In terms of sector level performances, the best performing sectors were BSE Infotech (+6.4%), BSE Teck (+4.7%), BSE Metals (+1.4%) while the sectors which were major laggards were BSE Realty (-3.3%), BSE Power (-3.2%), BSE Capital goods (-2.4%) and BSE Bankex (-2.4%). Positive FII interest in India persisted though with inflows moderating significantly, while domestic investors continued to remain sellers in markets. Capital market activity in April was lack-lustre as election uncertainty weighed down on primary markets.

Even as global markets are reflecting anxiety on US growth prospects, our in-house view remains that of steady expansion with low inflation leading to lesser market volatility than in 2018. Since the last few months, we have been constructive on the Indian equity market from an opportunity standpoint; particularly in the mid and small cap segment given meaningful valuation corrections in several good quality businesses. Recent run-up of market since start of the calendar year and re-emergence of event risks associated with crude oil, nearing of India election result and US-China trade would weigh on markets hereon. We would like to advise clients to recalibrate their near term or short-term return expectations post the recent rally across market cap as valuations have now turned fair from attractive earlier.

Our positive outlook is based on improving macro factors - controlled inflation, stable commodity prices and currency, improving asset quality and credit growth cycle and likely moderation of interest rates. We think the modest improvement seen in corporate earnings last quarter have now got the necessary conditions and building blocks to gather strength in coming quarters, which may be further aided by better consumer sentiment post the election event. We do not rule out time corrections to the market post recent rally but also advise against excessive pessimism given earnings cycle once it improves this year, can well extend into the next couple of years.

Our portfolio approach continues to remain balanced with bottom-up stock selection and sector selection playing an equal role. We believe evidence is emerging on strengthening a pro-cyclical stance and some portfolio shifts to capture a potential industrial/manufacturing recovery are being undertaken. Cyclicals with comfortable balance sheets and attractive valuations or companies with strong franchise value but presently facing growth headwinds do attract our attention.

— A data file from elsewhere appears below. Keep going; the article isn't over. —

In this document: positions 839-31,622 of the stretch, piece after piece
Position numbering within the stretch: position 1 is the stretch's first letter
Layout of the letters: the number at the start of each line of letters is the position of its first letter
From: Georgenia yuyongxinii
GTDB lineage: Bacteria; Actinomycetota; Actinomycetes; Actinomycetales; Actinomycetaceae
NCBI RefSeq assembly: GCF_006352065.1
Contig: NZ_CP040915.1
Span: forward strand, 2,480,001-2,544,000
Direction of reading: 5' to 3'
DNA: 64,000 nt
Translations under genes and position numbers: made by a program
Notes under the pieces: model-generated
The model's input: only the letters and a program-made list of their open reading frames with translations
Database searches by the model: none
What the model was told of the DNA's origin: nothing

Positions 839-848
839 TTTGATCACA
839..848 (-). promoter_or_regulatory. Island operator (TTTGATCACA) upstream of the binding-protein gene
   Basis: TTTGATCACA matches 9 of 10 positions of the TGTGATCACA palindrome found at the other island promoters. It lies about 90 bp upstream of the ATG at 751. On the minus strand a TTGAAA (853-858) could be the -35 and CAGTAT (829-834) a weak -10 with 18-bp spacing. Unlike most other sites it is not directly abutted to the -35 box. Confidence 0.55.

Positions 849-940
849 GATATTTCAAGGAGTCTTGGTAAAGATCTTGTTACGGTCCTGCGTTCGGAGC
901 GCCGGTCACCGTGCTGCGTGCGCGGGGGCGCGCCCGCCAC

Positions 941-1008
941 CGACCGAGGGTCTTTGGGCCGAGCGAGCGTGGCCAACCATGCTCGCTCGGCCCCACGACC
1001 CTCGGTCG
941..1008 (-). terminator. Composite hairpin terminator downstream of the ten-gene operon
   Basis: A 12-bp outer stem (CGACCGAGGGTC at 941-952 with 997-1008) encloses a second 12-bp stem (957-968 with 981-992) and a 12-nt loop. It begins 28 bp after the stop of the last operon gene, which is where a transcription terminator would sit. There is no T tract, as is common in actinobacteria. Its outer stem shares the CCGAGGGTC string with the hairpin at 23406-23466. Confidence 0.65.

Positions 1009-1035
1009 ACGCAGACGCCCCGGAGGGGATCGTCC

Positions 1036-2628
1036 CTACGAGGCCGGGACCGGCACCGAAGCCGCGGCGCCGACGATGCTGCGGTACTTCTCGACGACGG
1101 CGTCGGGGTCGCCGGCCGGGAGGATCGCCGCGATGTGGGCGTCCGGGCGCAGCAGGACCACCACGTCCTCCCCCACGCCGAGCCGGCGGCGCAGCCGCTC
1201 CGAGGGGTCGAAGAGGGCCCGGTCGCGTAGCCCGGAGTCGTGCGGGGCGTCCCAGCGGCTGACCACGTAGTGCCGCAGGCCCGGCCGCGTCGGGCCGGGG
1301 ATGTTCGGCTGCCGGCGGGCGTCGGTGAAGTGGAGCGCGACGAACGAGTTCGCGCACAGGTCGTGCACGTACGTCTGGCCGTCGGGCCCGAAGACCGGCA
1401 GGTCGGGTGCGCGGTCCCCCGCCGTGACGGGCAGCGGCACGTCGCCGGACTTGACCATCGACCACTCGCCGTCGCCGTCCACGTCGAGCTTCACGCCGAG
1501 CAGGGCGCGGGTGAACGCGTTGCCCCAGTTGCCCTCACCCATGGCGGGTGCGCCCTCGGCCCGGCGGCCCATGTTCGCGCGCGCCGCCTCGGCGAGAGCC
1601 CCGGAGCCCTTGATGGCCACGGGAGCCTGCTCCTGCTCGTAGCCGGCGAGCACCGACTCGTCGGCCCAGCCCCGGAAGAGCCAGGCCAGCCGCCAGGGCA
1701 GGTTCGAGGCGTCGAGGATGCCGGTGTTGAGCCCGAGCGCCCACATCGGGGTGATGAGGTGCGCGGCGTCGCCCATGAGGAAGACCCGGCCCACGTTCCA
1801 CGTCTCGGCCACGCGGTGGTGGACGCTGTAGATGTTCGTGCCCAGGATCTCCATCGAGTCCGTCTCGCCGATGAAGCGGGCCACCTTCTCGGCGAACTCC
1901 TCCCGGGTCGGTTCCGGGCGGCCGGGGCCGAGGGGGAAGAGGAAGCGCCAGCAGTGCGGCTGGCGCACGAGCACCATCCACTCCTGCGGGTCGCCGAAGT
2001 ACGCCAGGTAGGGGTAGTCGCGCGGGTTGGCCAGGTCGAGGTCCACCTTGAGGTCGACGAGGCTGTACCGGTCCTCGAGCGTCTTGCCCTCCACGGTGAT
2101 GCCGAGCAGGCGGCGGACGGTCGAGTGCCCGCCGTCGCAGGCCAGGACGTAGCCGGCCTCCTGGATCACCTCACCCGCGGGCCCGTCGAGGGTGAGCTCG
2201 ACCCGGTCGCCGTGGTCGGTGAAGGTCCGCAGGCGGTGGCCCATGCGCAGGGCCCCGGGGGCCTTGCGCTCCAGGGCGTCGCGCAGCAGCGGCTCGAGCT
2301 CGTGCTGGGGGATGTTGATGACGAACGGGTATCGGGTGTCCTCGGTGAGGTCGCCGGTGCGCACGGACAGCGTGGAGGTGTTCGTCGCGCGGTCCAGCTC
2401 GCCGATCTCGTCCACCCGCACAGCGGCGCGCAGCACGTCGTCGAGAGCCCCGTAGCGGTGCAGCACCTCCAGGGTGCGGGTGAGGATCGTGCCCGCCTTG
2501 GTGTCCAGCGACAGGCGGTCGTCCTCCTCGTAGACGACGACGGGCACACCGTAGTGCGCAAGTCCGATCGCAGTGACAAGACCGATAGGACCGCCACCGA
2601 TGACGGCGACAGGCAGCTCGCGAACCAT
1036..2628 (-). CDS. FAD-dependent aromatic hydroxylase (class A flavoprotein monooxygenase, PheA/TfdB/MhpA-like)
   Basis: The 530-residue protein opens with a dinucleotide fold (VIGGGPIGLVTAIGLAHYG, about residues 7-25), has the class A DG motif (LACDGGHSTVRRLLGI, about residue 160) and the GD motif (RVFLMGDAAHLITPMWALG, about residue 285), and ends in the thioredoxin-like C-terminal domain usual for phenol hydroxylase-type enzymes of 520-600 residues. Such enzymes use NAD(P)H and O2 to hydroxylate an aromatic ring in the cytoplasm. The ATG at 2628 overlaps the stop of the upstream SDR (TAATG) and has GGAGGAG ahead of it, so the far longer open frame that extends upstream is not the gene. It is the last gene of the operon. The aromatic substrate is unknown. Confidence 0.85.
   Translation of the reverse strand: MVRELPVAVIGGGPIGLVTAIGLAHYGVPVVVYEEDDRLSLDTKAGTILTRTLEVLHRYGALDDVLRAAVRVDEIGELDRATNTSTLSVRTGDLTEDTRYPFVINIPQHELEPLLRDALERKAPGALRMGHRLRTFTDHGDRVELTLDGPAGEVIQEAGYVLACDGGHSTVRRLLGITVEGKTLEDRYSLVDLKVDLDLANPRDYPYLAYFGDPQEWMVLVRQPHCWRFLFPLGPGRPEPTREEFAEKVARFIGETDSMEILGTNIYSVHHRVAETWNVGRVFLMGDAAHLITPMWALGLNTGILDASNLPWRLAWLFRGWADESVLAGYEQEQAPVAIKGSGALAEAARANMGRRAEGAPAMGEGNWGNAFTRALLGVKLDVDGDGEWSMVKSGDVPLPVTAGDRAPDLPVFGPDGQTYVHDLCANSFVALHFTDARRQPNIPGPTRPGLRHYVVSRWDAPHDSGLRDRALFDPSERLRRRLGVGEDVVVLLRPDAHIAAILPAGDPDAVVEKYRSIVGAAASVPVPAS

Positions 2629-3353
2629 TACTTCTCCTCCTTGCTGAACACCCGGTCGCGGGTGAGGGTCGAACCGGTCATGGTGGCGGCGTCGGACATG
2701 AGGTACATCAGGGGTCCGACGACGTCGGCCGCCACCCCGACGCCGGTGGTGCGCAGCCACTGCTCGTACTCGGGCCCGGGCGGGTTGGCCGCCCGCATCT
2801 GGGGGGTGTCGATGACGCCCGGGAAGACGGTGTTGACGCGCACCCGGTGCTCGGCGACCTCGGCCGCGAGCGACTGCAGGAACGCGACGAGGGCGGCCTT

Fixed Income Market
 
 

The month of April’19 has been negative for the rates market. While there was a 25bps repo rate reduction in early April, the bond prices fell since the liquidity position within the banking system remained in deficit. With this second 25bps repo rate reduction the cumulative rate reduction from Feb’19 onwards is 50bps. In the Feb’19 policy, the monetary policy stance has also been changed to neutral from calibrated tightening. RBI also attempted to infuse liquidity through one more 3 year USD INR swap of $ 5 bn (approx. Rs. 35,000 crore) in April’19 but it was not sufficient enough to turn the liquidity within the banking system into surplus.

The FPI inflows with regard to debt investments turned negative with outflows to the tune of INR 15,000 crs in April’19 after being Rs. 14,000 crs positive in March’19. While equity overseas flows were positive in April’19, the combined net flows were negative for the month of April. Hence, the overall liquidity position remained deficit despite successive dollar swaps and Open Market Operations (OMO) g-sec purchases by RBI.

The fears of an excessive borrowing calendar over FY20 and the uncertainty around attaining fiscal targets amidst a general election has weighed on the market sentiment.

Seasonally in the month of April the market is flushed with liquidity since government starts to spend heavily in the first month of the new fiscal, however, this year April we still observe some surplus cash left in the government balances with RBI, and hence the market has remained in deficit.

This negative liquidity position along with a perceived ‘not so dovish’ monetary policy has pushed the bond yields higher over the month of April by 30-50 bps.

So far, the bond yields have not moved in line with the monetary policy actions. Hence the drop in bond yields can be significantly large (close to 40-50 bps) in an event of liquidity infusion if it is sufficient enough to maintain adequate to surplus liquidity levels within the banking system. While another round of repo rate reduction is expected, but the timing of that might be some time in the future as the market awaits the effects of the risks highlighted in the last policy document.

The sudden change in the Fed stance on rate hikes and the subsequent softening in the bond yields in US and Europe have obviously tilted the balance in favour of emerging markets (EMs). While the expected weakening of USD post slowdown in US, and the confusion around Brexit has not pulled down the crude oil prices yet, it remains largely a fundamental possibility over 2019. The possibility of continuation of output reductions by OPEC nations has kept the oil prices elevated but still around 20% lower than the peak of 2018.

Outlook